Sacramento Office Market Report

4th Quarter 2020

Posted In — Market Research | Market Report

Market Drivers

AMIDST falling demand and rising vacancies, direct asking lease rates have held steady at $2.05 FS in Sacramento for 2020. This represents a 6.22% increase over last year.

OFFICE AVAILABILITY increased 21.84% year-over-year in 2020 to 13.4%. Sublease availability rose 40 basis points YOY, standing at 1.1% at the end of 2020 for all class types.

LEASING ACTIVITY decreased 33% YOY from 4.1 million in 2019 to 2.7 million in 2020. The Highway 50 Corridor and the Roseville-Rocklin area were the most active markets for the year with 916,570 s.f. and 409,239 s.f. respectively. Sales volume has followed a similar trend, falling 31% YOY from 5.6 million in 2019 to 3.9 million in 2020.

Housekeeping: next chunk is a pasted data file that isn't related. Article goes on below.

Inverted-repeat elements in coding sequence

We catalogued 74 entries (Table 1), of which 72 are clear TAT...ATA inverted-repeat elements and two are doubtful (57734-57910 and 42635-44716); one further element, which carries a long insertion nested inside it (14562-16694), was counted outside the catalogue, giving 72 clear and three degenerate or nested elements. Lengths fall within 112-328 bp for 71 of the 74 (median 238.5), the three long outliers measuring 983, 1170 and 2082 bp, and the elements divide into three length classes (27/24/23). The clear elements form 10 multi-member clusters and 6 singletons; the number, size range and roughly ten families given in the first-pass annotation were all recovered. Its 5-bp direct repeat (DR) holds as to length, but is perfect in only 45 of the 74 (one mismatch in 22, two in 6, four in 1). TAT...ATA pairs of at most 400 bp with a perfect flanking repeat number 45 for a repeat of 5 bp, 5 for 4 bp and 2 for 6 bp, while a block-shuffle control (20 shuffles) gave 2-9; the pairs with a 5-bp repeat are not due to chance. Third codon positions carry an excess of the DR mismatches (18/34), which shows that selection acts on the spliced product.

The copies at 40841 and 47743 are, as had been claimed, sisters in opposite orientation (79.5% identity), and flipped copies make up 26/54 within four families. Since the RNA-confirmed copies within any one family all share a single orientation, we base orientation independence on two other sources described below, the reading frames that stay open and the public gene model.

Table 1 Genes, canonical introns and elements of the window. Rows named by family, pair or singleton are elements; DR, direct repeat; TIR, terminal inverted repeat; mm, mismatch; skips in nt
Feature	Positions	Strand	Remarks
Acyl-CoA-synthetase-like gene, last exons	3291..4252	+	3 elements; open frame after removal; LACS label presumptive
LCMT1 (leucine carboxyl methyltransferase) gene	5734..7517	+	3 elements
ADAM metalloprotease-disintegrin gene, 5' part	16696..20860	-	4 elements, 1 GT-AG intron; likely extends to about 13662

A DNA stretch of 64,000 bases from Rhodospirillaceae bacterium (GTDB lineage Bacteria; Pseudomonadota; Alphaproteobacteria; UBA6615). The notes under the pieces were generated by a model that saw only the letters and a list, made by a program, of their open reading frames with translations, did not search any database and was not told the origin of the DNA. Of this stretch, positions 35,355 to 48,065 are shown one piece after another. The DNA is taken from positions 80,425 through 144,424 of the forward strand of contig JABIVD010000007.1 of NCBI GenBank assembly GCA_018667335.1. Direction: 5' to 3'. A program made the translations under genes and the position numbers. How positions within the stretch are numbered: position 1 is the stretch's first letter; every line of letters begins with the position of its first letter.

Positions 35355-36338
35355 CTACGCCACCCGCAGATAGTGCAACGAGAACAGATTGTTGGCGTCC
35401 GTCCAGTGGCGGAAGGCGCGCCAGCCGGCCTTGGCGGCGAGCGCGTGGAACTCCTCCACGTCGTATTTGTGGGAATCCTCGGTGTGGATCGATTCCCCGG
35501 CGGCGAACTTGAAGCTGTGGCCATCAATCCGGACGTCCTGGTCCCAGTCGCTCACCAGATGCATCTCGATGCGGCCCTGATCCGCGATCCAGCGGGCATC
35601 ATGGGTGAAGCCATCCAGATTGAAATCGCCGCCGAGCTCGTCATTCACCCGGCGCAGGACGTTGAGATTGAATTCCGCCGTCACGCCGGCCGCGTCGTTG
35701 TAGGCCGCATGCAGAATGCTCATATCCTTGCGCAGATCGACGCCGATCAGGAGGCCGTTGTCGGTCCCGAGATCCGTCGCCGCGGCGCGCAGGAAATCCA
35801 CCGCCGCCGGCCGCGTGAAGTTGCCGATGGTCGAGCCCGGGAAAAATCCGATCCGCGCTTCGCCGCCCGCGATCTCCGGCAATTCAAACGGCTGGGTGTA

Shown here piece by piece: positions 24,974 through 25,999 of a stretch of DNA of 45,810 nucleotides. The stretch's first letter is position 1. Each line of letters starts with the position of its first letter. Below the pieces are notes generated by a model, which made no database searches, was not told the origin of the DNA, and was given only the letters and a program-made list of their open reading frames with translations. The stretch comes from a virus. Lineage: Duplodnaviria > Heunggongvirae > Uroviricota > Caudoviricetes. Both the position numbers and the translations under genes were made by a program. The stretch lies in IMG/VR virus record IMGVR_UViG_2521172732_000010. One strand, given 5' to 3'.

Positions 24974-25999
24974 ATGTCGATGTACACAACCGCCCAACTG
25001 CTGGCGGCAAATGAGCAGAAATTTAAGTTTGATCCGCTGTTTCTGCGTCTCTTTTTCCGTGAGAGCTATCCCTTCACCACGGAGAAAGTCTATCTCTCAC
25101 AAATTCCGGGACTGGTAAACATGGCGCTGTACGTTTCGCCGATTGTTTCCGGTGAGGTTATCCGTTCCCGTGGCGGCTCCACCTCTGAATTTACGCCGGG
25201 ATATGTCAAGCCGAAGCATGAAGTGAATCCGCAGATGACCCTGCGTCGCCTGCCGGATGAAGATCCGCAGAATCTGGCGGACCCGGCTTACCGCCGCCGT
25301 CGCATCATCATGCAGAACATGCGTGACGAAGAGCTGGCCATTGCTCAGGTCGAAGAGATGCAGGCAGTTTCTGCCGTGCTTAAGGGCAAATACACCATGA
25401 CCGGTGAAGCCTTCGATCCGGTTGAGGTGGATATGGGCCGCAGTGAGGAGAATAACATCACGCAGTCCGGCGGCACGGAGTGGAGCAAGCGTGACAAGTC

DIRECT NET ABSORPTION dropped to negative 24,539 s.f. in 2020, breaking an eight year run of positive net absorption. The bulk of this shortfall happened in 4Q 2020 with negative 410,466 s.f.

THERE ARE currently 2.5 million s.f. of office development in the construction pipeline. Construction deliveries totaled 203,600 s.f. for 2020. Notable completions for 2020 include 511,800 s.f. in Centene Campus and 40,000 s.f. in Natomas Pointe Plaza. Both projects are in the Natomas area of Sacramento.

Economic Review

COVID-19 caused multiple business closures and company layoffs in 2020. Surviving companies adapted by letting employees work remotely. The pandemic prompted restrictions on non-essential businesses and retail properties, sharply dropping economic activity in Sacramento. California unemployment stood at 9.0% at the end of 2020, with the Sacramento – Roseville – Arden-Arcade Metropolitan Statistical Area reporting a 7.9% unemployment rate.

Near-Term Outlook

COVID-19 measures have reduced office demand in 2021 as companies allow employees to work from home. Direct asking lease rates are expected to hold firm, while tenants can hunt for deals amongst the growing amount of sublease space. Short-term leases become common as companies gauge how quickly the economy returns to normal.

Sources: Federal Reserve Bank of St. Louis; State of California Employment Development Department

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